axiomatic

listen to the pronunciation of axiomatic
English - English
Obvious
Of or pertaining to an axiom
Evident without proof or argument

It is axiomatic that the physical entry of the home is the chief evil against which the wording of the Fourth Amendment is directed..

evident without proof or argument; "an axiomatic truth"; "we hold these truths to be self-evident"
of or relating to or derived from axioms; "axiomatic physics"; "the postulational method was applied to geometry"- S
of or relating to or derived from axioms; "axiomatic physics"; "the postulational method was applied to geometry"- S S Stevens
If something is axiomatic, it seems to be obviously true. = self-evident. something that is axiomatic does not need to be proved because you can easily see that it is true = self-evident
obvious (layman)
Stevens containing aphorisms or maxims; "axiomatic wisdom
{s} self-evident, certain, unquestioned
containing aphorisms or maxims; "axiomatic wisdom"
evident without proof or argument; "an axiomatic truth"; "we hold these truths to be self-evident" of or relating to or derived from axioms; "axiomatic physics"; "the postulational method was applied to geometry"- S
Of or pertaining to an axiom; having the nature of an axiom; self-evident; characterized by axioms
axiomatic system
A set of axioms from which theorems can be derived
axiomatic systems
plural form of axiomatic system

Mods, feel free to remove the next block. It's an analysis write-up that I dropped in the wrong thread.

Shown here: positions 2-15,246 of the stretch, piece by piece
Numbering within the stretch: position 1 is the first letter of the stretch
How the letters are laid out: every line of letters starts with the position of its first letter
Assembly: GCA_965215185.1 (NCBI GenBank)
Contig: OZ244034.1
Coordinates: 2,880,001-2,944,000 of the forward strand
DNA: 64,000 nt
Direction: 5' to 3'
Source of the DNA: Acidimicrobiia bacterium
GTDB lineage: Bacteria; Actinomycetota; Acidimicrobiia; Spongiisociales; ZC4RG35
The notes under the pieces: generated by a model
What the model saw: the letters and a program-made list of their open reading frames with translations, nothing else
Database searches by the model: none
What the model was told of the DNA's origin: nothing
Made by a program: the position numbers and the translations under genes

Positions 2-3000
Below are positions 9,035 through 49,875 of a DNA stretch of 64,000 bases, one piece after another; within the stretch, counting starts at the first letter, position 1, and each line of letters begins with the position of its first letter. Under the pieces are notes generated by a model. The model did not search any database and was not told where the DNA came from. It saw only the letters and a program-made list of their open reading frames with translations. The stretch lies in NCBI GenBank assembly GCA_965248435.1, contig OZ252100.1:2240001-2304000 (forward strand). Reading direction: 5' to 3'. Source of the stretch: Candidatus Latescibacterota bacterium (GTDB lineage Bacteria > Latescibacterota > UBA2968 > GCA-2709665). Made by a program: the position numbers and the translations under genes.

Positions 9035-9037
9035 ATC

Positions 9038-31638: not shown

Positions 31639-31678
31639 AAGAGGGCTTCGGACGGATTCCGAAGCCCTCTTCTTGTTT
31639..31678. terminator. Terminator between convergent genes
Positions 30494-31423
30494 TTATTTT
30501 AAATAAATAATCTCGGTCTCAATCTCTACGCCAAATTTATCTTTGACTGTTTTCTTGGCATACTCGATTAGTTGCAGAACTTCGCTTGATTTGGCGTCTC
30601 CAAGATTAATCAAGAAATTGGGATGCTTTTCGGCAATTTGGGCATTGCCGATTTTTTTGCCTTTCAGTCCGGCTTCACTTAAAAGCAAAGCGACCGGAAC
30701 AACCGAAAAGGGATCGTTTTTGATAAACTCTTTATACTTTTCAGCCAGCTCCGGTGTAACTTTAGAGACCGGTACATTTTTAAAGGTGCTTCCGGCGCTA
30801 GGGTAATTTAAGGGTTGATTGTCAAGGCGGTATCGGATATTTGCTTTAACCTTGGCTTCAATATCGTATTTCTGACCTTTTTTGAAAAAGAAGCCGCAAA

axiomatic method
In logic, the procedure by which an entire science or system of theorems is deduced in accordance with specified rules by logical deduction from certain basic propositions (axioms), which in turn are constructed from a few terms taken as primitive. These terms may be either arbitrarily defined or conceived according to a model in which some intuitive warrant for their truth is felt to exist. The oldest examples of axiomatized systems are Aristotle's syllogistic and Euclidean geometry. Early in the 20th century, Bertrand Russell and Alfred North Whitehead attempted to formalize all of mathematics in an axiomatic manner. Scholars have even subjected the empirical sciences to this method, as in J. H. Woodger's The Axiomatic Method in Biology (1937) and Clark Hull's Principles of Behavior (1943)
axiomatically
By the use of axioms; in the form of an axiom
axiomatically
on the basis of axioms; "this is axiomatically given
axiomatically
in an axiomatic manner (self-evident, certain, unquestioned)
axiomatic
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